Freezing and hungry as I made my way back to the train station last night, the smell of kimchi jjiggae stopped me in my tracks and lured me into a little station eatery for some hot, comforting goodness.
I am comfortable here now. I can hop on and off the subway in various cities with no need to pause and check the map to figure out which transfer to make. I can buy my tickets or withdraw cash at machines without needing an English option. And perhaps most importantly, I can walk confidently into a Korean diner with no foreigners in sight, sit down, scan the menu for what I want, order, locate the chopsticks and spoons, know that the water is self-service and that the tumblers are in a little sterilizing cupboard thingy somewhere, and eat alone without worrying about what to do or how my chopsticks skills are being judged. It has been well over a year since a waitress felt the need to rush over to me with a fork.
The scowling ajumma (for they are always scowling… I believe I’d feel a little cheated if one smiled at the customers) brought me my stew and rice, and I inhaled deeply as I became momentarily enveloped in a cloud of kimchi-scented steam from the bubbling, boiling jjiggae in the familiar black earthenware bowl. I put in my earphones and let an episode of Frasier entertain me as I ate.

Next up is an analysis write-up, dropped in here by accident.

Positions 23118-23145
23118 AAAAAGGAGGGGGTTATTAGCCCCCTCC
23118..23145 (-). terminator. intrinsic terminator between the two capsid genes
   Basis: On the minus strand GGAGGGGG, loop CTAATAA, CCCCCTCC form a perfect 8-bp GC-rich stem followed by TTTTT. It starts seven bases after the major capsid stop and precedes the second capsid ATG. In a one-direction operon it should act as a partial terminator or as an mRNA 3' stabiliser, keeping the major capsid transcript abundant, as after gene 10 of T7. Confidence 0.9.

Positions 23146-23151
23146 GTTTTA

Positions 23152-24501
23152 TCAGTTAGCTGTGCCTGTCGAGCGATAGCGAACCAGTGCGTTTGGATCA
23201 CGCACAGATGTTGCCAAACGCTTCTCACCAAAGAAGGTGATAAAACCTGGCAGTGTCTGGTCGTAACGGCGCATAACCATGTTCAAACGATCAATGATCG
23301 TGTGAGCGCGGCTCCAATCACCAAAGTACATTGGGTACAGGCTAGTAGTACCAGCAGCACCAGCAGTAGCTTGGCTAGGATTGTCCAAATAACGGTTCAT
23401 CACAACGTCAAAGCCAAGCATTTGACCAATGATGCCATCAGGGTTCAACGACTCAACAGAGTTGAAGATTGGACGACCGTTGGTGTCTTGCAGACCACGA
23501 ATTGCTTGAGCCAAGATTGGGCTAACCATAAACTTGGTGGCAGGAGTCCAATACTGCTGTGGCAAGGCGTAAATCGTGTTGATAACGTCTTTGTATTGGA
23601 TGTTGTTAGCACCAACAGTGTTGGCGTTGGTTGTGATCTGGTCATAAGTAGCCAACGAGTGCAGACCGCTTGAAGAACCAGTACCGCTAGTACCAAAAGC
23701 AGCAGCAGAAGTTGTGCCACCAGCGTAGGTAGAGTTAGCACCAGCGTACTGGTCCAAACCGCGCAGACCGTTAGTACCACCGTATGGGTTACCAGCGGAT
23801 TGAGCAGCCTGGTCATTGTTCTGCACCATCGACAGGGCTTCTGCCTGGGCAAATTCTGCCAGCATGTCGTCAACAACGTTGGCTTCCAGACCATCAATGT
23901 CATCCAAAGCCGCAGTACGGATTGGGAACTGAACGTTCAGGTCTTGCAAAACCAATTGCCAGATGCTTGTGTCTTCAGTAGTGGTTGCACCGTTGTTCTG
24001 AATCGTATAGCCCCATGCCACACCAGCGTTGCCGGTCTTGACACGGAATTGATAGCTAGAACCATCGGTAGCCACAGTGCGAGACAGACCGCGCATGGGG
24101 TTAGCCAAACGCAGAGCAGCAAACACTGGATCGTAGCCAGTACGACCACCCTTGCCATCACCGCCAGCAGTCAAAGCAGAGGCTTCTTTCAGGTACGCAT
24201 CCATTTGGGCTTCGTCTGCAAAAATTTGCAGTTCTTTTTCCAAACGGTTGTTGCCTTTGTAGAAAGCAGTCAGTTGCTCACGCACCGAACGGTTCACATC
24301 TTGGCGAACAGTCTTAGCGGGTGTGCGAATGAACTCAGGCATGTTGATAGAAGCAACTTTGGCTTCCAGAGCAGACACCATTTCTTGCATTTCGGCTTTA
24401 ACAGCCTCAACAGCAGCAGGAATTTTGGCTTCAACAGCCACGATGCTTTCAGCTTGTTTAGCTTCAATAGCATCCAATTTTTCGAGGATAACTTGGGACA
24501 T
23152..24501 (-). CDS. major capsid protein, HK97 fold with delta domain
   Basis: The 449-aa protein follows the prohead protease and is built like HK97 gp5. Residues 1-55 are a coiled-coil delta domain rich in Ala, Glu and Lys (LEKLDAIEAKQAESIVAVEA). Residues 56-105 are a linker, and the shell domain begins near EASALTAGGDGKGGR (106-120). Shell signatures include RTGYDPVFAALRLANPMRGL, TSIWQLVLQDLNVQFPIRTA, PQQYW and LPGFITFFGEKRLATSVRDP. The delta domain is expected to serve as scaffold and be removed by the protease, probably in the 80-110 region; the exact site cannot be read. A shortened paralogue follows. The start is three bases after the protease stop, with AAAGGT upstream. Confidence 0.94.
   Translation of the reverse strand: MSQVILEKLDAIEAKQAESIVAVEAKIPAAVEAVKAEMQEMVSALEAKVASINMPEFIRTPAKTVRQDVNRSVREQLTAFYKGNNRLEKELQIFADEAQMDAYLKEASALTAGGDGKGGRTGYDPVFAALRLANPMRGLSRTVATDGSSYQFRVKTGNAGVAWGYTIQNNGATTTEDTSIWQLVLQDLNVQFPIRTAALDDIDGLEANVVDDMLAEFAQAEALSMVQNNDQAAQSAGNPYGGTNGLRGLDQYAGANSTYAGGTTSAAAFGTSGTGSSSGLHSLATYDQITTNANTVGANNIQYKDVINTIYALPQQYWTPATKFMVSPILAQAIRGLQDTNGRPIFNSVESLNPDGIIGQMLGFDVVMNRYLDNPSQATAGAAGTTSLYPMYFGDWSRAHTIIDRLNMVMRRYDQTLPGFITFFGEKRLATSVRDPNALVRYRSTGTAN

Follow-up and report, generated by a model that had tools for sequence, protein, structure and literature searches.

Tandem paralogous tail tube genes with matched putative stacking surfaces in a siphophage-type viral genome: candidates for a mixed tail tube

When I was almost finished, I felt a tap on my arm and looked up to see a woman in her forties mouthing ‘excuse me’. I pulled out my earphones and swallowed my mouthful of soup, looking inquiringly at her.
“Excuse me,” she said earnestly, “do you like Korean food?”
I looked briefly at my table, the side dishes of kimchi, pickled radish cubes, and squid all now empty, the bowl of jjiggae almost finished, the last square of tofu poised in my chopsticks. “Ew, dear lord, no!” I almost replied. Seriously, it was right there on the tip of my tongue. “I would not touch Korean food, how could you suggest such a preposterous and disgusting thing?”
“Yes,” I replied with a sweet smile. “I love Korean food.”
She giggled behind her hand, going “ohhhhh… wowwww!”, and then bowed respectfully to me before saying “thank you, goodnight!” and leaving.
I still think these moments are ridiculous and incomprehensible. I find the attention bemusing. But in a strange, inexplicable way, they have become part of my familiar, ‘normal’ daily life in Korea, and I know that when I leave I will look back on them with a fond shake of the head and a laugh rather than with irritation or annoyance.
I worry sometimes about getting stuck in Korea, never moving on. But however comfortable I’ve become, I will never ‘belong’ here… and these little moments remind me of that in the nicest possible way.
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